Vaccination of Israelis over the age of 60 has reduced the rate of that age group getting COVID-19 by almost half and the number of serious cases in that cohort by more than a quarter in the last two weeks, Prime Minister Benjamin Netanyahu said on Thursday.
Israel began its vaccination program on Dec. 19 and has so far reached 35% of the 9 million population, the government says. It has set March as a target date for reaching 50% of the population in hope of outpacing high-contagion virus variants, but worries about ebbing turnout.
Netanyahu touted the success of the program in televised remarks to his cabinet, which convened to discuss a proposed extension of a more than five-week-old national lockdown.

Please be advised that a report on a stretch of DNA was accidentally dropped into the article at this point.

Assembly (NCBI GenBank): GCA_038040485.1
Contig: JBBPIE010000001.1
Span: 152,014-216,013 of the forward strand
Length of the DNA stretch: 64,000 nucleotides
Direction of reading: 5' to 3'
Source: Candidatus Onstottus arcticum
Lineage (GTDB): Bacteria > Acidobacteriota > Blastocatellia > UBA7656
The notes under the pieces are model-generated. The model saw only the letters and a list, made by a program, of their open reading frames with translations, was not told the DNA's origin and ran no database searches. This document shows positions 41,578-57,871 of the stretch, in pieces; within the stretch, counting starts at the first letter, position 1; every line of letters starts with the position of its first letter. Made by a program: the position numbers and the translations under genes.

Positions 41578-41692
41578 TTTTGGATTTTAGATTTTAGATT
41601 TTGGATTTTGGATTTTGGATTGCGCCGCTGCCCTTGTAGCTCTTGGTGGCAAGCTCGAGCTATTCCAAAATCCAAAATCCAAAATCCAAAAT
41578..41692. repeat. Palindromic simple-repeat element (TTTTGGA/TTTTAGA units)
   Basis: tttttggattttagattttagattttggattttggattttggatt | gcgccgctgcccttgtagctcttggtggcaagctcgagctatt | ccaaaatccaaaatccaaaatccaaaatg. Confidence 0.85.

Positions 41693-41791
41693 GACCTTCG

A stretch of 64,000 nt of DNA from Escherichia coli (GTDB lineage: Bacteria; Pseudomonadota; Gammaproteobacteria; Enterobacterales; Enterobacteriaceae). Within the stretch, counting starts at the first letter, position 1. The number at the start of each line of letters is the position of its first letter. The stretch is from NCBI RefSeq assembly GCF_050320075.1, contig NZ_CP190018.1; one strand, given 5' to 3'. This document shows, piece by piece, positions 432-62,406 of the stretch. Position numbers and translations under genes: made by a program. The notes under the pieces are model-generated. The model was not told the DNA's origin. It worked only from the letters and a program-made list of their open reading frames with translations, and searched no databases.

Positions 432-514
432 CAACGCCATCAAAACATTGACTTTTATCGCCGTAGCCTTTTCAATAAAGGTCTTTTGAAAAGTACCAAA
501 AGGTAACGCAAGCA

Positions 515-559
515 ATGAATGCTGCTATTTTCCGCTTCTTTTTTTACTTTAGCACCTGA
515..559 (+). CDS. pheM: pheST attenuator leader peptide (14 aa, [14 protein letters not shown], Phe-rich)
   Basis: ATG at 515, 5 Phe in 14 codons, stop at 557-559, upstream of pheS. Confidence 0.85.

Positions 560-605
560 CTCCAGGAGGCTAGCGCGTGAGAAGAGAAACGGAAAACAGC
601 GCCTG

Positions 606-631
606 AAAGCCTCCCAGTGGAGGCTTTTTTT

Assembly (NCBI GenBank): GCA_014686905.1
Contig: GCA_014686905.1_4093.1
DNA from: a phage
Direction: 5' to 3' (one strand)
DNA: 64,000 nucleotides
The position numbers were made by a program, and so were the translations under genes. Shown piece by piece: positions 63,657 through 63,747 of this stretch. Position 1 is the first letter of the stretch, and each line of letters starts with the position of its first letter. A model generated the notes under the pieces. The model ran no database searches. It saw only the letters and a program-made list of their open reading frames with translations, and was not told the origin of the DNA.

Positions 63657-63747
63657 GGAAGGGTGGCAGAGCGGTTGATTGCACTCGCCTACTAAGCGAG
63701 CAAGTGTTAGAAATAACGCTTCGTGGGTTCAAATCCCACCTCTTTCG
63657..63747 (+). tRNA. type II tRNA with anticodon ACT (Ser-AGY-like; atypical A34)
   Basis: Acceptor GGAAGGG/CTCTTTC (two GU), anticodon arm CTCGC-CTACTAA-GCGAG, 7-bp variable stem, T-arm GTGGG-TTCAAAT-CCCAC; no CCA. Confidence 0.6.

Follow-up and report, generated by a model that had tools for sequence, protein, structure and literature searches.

"Over the last 16 days, among those over age 60, there has been a reduction of 26% in hospitalization for serious (complications) and an around 45% reduction in confirmed cases. This is a direct outcome of the vaccines," he said.
Netanyahu has said that 95% of COVID-19 deaths in Israel - the total tally was 4,975 as of Thursday - have been among the over-60s.
According to the Health Ministry, 84% of the over 60s have now received the vaccine, made by Pfizer Inc. It did not immediately provide a more detailed breakdown of how many of these people had received both vaccine doses and when.
As of Thursday, vaccines were being made available to all Israelis over the age of 16.
"Go get vaccinated. The vaccines work," Netanyahu said.
First published: 19:07 , 02.04.21